Consolidated Appropriations Act
Subscribe to Consolidated Appropriations Act's Posts

COVID-19 Stimulus Package Significantly Expands CARES Act Employee Retention Tax Credits

The Consolidated Appropriations Act, 2021, which became law on December 27, 2020, makes significant changes to the employee retention tax credits available under the Coronavirus Aid, Relief and Economic Security Act (the CARES Act). The changes are generally designed to increase the availability, scope and amount of the credits. Significantly, employers that received a Payroll Protection Program (PPP) loan (or that were related to employers that received a PPP loan) may be able to claim the credit, including retroactively for periods beginning as early as March 13, 2020.

Access the article.




Consolidated Appropriations Act: Health and Welfare Benefits Provisions

The Consolidated Appropriations Act (the Act) was signed into law by the president on December 27, 2020, and includes significant health and welfare benefits provisions that affect group health plans and health insurance issuers. The Act is the most comprehensive single piece of legislation to impact group health plans since the Affordable Care Act.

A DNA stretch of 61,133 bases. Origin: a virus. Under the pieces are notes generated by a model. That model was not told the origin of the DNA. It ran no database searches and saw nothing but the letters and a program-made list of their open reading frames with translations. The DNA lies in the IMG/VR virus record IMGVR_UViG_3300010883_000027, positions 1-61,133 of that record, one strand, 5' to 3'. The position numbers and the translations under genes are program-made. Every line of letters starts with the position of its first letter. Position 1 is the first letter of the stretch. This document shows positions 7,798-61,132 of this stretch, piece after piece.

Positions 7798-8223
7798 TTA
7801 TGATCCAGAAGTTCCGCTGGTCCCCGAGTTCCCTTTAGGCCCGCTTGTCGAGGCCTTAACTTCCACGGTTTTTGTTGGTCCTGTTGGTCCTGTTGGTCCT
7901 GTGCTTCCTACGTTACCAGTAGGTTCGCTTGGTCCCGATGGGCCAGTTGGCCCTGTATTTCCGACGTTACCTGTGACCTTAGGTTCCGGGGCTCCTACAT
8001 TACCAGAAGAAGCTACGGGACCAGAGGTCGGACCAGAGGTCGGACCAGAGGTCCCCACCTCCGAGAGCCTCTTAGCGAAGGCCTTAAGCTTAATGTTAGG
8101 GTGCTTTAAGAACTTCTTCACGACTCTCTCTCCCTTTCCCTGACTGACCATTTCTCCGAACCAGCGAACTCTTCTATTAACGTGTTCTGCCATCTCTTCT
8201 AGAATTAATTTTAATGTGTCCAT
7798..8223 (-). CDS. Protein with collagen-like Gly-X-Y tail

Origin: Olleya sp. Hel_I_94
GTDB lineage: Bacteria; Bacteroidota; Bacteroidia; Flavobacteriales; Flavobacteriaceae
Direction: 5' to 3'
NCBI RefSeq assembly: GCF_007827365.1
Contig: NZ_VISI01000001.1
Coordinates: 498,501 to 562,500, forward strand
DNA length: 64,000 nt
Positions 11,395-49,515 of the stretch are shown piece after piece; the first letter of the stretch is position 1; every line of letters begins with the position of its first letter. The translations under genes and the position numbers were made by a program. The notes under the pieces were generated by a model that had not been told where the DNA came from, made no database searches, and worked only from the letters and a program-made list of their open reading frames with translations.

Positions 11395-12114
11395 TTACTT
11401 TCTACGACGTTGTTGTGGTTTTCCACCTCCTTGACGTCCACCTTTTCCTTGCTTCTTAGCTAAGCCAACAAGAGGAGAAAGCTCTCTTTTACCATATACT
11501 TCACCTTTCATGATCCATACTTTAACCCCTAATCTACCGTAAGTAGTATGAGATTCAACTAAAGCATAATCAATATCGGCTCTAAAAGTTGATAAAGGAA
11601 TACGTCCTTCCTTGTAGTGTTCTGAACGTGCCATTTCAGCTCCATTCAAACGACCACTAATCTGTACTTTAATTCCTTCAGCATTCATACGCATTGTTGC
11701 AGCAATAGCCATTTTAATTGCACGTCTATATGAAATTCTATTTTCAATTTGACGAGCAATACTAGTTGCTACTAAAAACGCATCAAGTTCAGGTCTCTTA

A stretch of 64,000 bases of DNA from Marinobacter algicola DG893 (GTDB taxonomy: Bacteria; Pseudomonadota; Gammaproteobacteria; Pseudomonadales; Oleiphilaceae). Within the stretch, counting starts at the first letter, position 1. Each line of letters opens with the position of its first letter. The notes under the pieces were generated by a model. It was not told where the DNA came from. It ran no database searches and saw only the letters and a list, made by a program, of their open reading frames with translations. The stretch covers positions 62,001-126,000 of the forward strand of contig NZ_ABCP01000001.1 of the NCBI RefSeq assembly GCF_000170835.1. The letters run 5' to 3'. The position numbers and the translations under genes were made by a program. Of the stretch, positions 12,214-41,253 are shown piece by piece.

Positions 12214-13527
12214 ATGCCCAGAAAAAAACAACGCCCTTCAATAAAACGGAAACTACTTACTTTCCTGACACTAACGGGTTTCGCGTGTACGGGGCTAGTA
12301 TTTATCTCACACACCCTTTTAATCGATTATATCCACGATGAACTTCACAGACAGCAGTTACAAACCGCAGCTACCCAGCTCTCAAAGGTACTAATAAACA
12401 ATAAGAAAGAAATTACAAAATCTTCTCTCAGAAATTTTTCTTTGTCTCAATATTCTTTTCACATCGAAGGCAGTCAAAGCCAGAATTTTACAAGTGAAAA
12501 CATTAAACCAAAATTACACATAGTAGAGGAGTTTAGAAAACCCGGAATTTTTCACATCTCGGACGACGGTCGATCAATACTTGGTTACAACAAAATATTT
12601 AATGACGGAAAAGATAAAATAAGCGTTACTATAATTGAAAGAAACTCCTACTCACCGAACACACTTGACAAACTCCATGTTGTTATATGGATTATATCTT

Access the article.




Healthcare and Childcare FSA Fix for 2021, Finally: Special Carryover Rules and More

The Consolidated Appropriations Act provides tax relief for workers who socked away pre-tax money into flexible spending accounts (FSAs) for 2020 and couldn’t use it because of the coronavirus pandemic. Now employees may be able to carry over all of their unused funds to use later. Even ex-employees might get more time to spend down unused money instead of forfeiting it.

In a recent article in Forbes, McDermott partner Jacob Mattinson speaks to the employer perspective on FSA carryovers.

Access the article.




Cadillac Tax Delayed to January 1, 2020; Extension of ACA Health Plan Information Reporting Due Dates

Recent year-end delays to important Affordable Care Act requirements have given employers and other stakeholders much needed reprieve. President Obama signed into law a two-year delay of the Cadillac Tax on December 18, 2015.

This two-year delay is part of Congress’s $1.8 trillion omnibus spending deal, the Consolidated Appropriations Act, 2016. In addition, the IRS recently announced a delay in health information reporting requirements for 2015 Forms 1094 and 1095.

Read the full article.




STAY CONNECTED

TOPICS

ARCHIVES